I'm afraid my question is somewhat vague, and I'll try to improve it as I find the time to research it more.

I've been having a nagging memory of my Ancient Greek and Latin classes (and in that memory this was related to Homer), where we analysed a poetic practice consisting of applying, say, an adjective describing a word X to a nearby word Y, for instance for a poetic effect. This idea seems pretty clear to me, but I am at a loss finding a name for it, and I'm guessing there must be one.

Examples (all fictitious, if I find one in the literature I'll add it, but right now I don't have one at hand):

  • "The bloody clouds hovered over the battlefield" (bloody applied to clouds instead of battlefield)
  • "As the Acheans waited, a grief-stricken storm was rising to the North" (grief-stricken Acheans)
  • "And then the queen lifted her amorous cup and greeted him" (amorous queen...)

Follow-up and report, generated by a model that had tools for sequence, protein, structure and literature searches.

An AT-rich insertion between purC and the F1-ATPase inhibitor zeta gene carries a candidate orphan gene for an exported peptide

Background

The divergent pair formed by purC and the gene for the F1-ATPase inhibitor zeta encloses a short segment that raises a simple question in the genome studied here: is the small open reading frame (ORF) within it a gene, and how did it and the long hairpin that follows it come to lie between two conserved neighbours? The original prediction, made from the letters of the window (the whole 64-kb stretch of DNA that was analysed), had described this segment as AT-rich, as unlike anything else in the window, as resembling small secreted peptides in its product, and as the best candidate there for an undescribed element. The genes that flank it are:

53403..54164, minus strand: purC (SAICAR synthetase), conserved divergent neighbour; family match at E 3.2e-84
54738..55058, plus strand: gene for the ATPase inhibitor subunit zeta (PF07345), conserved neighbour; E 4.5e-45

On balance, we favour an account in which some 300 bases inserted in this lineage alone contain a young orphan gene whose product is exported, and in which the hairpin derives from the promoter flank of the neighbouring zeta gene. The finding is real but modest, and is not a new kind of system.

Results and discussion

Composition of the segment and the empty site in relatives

A friend mentioned chiasmus, which, seems to me, would require the last leg, to get any sort of ABBA cross pattern, even if conceptual, whereas here we only have AB + C becoming B + AC, as it were, applying to objects or atmospheres the internal states of people present, in a gesture of semantic transposition.

Has anyone else heard of this, or am I just hallucinating this memory?

Many thanks in advance,




At least one term for this is 'transferred epithet.' It's one species of a more general figure of speech called hypallage, an interchange in the relation of words.

It isn't confined to Homer. For example, in Ovid, Amores 1.11.3, we find:

colligere incertos et in ordine ponere crines
docta neque ancillas inter habenda Nape,
inque ministeriis furtivae cognita noctis
utilis et dandis ingeniosa notis
saepe venire ad me dubitantem hortata Corinnam,
saepe laboranti fida reperta mihi –
accipe et ad dominam peraratas mane tabellas
perfer et obstantes sedula pelle moras!

...known as useful in services of the secret night...

Here, furtivae grammatically modifies noctis but more logically belongs with ministeriis ('secret services of the night').

  • Grand! Thanks so much, it had been bugging me for so long! – Jeremie Oct 29 '20 at 18:29

Your Answer

By clicking “Post Your Answer”, you agree to our terms of service, privacy policy and cookie policy

Not the answer you're looking for? Browse other questions tagged or ask your own question.